So we’ve launched this new kick-ass line called “Rope Like a Girl®.” We’re so pumped at Gypsy Soule® because we’ve teamed with world-class roper Lari Dee Guy on these Rope Like a Girl® tees and caps. Any time we have the opportunity to support women, we jump at it, and we felt strongly that Rope Like a Girl®, which was Lari Dee’s brainchild, was a perfect fit for Gypsy Soule®.
So, a lot of y’all might not know who Lari Dee Guy is, and that’s OK! I’ll tell you a little about her. Lari Dee is a Soule Sister who also believes in girl power. She grew up on her family’s working ranch in Abilene, Texas. She started rodeoing when she was a little thing, and took it upon herself to learn to rope so she could compete with her older brother. She began winning roping competitions when she was only 8 years old! She continued her awesomeness throughout college and won two National Intercollegiate Rodeo Association (NIRA) championships. She still competes some, but years ago she started a roping school and travels all over the United States and the world putting on roping clinics. Y’all can check out her website here: larideeguy.com
I wanted to write this blog about Rope Like a Girl® and the strength of women, especially after watching the Oscars the other night, because…Patricia Arquette. If you don’t know what I’m talking about, Arquette received an Oscar for her performance in the movie, “Boyhood.” She took a few seconds of her speech to promote equal pay for women. She pissed off a lot of people, but, whatever. She brought up a salient point, which is that, even in this day and age, when we’ve fought for equality for minorities, for gays, for you name it, nobody has picked up the torch and fought for women for equal pay for equal work. I guess people didn’t like that she used an awards show to make a quasi-political speech—if you call asking for equal pay a political issue. Because, basically, whether you’re a liberal or a conservative, neither party has championed the issue of equal pay for women. So, even though, yeah, it was an awards show and people shouldn’t use it as a platform to blather on about unrelated issues, I still pumped my fist and said, “Yesssssss!” after her speech.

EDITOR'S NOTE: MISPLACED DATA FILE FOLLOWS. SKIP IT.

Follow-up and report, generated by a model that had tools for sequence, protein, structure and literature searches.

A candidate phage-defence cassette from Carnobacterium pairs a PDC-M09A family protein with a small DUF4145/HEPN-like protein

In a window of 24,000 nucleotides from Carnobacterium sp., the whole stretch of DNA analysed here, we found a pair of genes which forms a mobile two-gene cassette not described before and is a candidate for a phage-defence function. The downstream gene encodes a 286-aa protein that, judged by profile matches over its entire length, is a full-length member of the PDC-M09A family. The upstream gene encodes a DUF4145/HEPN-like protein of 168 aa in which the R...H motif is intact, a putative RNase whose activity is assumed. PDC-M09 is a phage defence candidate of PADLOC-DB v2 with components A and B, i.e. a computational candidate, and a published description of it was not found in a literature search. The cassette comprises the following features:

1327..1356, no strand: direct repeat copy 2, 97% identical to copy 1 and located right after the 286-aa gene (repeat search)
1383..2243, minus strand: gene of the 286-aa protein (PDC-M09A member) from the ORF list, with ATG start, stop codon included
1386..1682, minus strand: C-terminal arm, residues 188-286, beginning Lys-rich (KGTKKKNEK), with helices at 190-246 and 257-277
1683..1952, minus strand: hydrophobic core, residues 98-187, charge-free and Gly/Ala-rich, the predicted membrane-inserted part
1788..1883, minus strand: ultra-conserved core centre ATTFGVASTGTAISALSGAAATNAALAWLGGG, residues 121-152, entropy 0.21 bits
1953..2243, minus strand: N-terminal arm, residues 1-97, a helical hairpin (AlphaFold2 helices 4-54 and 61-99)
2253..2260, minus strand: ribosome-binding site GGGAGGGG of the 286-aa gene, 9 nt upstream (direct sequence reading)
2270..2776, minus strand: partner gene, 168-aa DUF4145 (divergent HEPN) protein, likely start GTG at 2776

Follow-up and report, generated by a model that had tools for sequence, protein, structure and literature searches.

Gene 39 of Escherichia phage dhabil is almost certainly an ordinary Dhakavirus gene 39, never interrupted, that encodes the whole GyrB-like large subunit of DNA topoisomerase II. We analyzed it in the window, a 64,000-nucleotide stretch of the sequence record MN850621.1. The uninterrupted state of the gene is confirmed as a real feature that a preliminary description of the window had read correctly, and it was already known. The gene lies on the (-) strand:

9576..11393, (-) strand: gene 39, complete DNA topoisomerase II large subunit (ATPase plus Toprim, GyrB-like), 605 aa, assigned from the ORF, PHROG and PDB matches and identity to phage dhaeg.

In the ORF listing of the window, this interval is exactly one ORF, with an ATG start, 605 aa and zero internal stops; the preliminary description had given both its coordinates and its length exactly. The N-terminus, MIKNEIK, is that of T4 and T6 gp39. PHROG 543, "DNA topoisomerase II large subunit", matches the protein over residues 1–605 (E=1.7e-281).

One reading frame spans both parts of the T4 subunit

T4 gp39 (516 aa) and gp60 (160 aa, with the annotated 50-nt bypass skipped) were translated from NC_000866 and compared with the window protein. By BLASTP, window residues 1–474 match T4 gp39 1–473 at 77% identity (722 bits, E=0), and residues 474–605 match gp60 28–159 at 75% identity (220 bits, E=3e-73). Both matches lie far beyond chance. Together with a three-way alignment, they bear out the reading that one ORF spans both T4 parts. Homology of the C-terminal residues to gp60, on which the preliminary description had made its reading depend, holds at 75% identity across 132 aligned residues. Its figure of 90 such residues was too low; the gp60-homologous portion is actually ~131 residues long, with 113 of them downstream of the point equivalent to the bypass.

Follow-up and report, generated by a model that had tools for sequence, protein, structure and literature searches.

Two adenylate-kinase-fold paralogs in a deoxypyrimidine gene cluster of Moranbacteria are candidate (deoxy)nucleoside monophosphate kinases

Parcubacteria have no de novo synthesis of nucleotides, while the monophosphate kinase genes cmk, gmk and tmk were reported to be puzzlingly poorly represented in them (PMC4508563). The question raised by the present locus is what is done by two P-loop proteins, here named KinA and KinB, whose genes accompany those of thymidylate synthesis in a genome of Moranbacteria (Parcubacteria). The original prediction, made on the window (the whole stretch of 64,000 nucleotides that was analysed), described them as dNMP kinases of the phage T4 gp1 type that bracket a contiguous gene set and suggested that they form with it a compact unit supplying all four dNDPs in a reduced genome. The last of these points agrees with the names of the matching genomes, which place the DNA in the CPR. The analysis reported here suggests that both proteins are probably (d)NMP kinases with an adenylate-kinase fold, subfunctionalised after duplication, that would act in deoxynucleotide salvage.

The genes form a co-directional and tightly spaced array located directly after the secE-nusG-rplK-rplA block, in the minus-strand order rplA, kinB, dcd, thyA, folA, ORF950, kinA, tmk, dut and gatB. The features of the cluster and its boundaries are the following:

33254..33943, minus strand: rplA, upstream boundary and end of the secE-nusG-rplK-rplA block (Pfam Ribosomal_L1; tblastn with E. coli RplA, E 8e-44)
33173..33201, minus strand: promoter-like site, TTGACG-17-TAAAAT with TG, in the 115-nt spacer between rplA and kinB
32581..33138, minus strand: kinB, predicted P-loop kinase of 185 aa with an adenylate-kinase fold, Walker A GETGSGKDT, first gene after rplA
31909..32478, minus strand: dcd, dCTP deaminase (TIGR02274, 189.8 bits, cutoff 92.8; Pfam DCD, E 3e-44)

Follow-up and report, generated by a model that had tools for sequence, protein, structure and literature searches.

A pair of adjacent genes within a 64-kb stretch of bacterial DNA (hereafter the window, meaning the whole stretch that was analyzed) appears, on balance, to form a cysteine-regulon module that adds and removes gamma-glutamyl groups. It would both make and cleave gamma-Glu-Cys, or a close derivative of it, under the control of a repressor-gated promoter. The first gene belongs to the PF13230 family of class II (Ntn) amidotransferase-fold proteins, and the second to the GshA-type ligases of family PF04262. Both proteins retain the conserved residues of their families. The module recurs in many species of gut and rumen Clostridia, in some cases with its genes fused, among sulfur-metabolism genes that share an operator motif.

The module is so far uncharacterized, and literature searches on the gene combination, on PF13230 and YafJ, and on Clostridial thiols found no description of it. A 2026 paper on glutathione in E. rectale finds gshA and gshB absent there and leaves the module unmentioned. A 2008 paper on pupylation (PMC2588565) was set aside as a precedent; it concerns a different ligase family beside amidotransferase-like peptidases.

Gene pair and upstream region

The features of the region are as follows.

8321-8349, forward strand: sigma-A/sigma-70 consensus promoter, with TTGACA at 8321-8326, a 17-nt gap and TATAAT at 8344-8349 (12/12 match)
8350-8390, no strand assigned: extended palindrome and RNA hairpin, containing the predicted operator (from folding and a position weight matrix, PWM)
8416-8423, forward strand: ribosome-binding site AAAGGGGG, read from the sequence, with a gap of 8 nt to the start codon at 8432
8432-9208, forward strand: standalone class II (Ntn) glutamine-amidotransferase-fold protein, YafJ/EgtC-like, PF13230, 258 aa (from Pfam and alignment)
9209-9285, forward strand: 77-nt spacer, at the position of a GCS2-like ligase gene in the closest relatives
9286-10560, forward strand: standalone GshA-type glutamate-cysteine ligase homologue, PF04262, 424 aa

So, back to Rope Like a Girl®! Here’s how the idea was hatched: Lari Dee wanted to take the saying, “Rope Like a Girl®,” and basically flip it upside down. I snatched a quote from her that explains her thinking:
“I admit, I’d said ‘I roped like a girl,’ on days when I didn’t score well, when I took a bad shot from more coils back than I can really reach, or when I just flat missed a steer I shouldn’t have. But did how I roped have anything to do with the fact that I was a girl? Heck no. I always knew that. I have always believed that, as a girl, I could do anything in the world I wanted to. Why had I been using, and hearing, ‘rope like a girl,’ my whole life, as a negative?”
Lari Dee got fired up when she started thinking about all the girls who attend her roping schools who believe, in their sweet little 9-or-10-year old hearts, that they’ll grow up to be competitive ropers, possibly competing at the National Finals Rodeo. As a woman, it is kind of disheartening to hear ‘rope like a girl,’ or ‘throw like a girl.’ As a little girl, it’s so much worse and defeating for them—kind of a dream crusher. It’s not that we want girls to defeat boys or do better, we just want them to be the best they can be and have equal chances at success.
So, we launched Rope Like A Girl® to erase doubt in little girls and grown women! The Rope Like a Girl® logo incorporates the world’s toughest stone, a diamond, as a reminder to women of their strength. Down the road we plan to design some other “Like a Girl” tees and caps, so keep those peepers peeled for “Hunt Like a Girl®,” “Race Like a Girl®,” “Show Like a Girl®” and “Jump Like a Girl®.”
Because, girls, we can!